Danubius International Conferences, 22nd EMAN Conference. Social Responsibility and Sustainability Accounting-Key Corporate Performance Drivers and Measures

Drivers for EMA Innovation in a Malaysian SME-Is it Truly for Environmental Reasons?

FARIZAH SULONG, Maliah Sulaiman, Mohd Alwi Norhayati
Last modified: 2018-04-12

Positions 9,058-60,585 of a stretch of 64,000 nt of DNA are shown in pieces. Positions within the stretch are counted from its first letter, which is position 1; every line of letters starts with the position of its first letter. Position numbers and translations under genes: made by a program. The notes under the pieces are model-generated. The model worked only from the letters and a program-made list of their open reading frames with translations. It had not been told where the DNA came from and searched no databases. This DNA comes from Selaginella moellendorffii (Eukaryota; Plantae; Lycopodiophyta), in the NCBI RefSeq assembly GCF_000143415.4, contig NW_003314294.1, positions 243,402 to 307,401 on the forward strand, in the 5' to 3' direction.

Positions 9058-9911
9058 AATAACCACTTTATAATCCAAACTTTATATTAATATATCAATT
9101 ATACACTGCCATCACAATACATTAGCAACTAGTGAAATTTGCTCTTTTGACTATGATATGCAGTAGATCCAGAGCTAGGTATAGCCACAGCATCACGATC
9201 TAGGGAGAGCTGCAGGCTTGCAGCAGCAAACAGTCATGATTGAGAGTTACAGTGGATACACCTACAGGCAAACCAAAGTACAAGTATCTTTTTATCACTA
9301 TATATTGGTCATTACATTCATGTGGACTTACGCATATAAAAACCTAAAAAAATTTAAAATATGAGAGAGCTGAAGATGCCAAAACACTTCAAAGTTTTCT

Material Flow Cost Accounting (MFCA), an Environmental Management Accounting (EMA) tool, is a managerial innovation that has two international standards namely ISO14051 and ISO14052. The practice of MFCA has increased globally particularly since the issue ISO14051 in September 2011, evidence of the advantages companies derived from MFCA. MFCA in Malaysia is crucially needed due to the significant 97% presence of SMEs and the deteriorating environmental quality in Malaysia. MFCA was piloted in Malaysia into five small and medium-sized enterprises (SME) between 2010 and 2012. The main change agency then was Malaysia Productivity Corporation (MPC). Pursuant to 2012, these five companies were left to continue MFCA on their own. Since that pilot project in 2012, MPC had been able to entice only a further 19 Malaysian SMEs to embark on MFCA, and there has been no records of any additional adoptions since then. The aim of this study was to examine the drivers for adopting MFCA during that pilot project, and the motivation for its continuance or discontinuance beyond the pilot project. The study employed a qualitative case study investigating in-depth the implementation of MFCA in one of the pilot companies, an SME automotive vendor. The scope of the study covered the duration prior to agreeing to join the pilot project until approximately three years after the project with MPC ended, a total of five years. The study was theoretically framed using diffusion of innovations (DOI) theory and the new institutional sociology (NIS) under institutional theory. It was found that the company investigated was primarily driven to join the pilot project and adopt MFCA due to competitive isomorphism, to achieve the criteria of cost reduction and competitive pricing. In addition to that, institutional isomorphism was also present in the form of indirect coercive and normative isomorphisms. Adopting MFCA for an environmental reason was only secondary, and the environmental objective was only achieved by the company due to the unique feature of MFCA which supports the achievement of economic and environmental goals simultaneously. The study is significant for two reasons – design of future communication programmes for MFCA and the increasing effort from MFCA change agencies needed to further diffuse MFCA to other SMEs in Malaysia.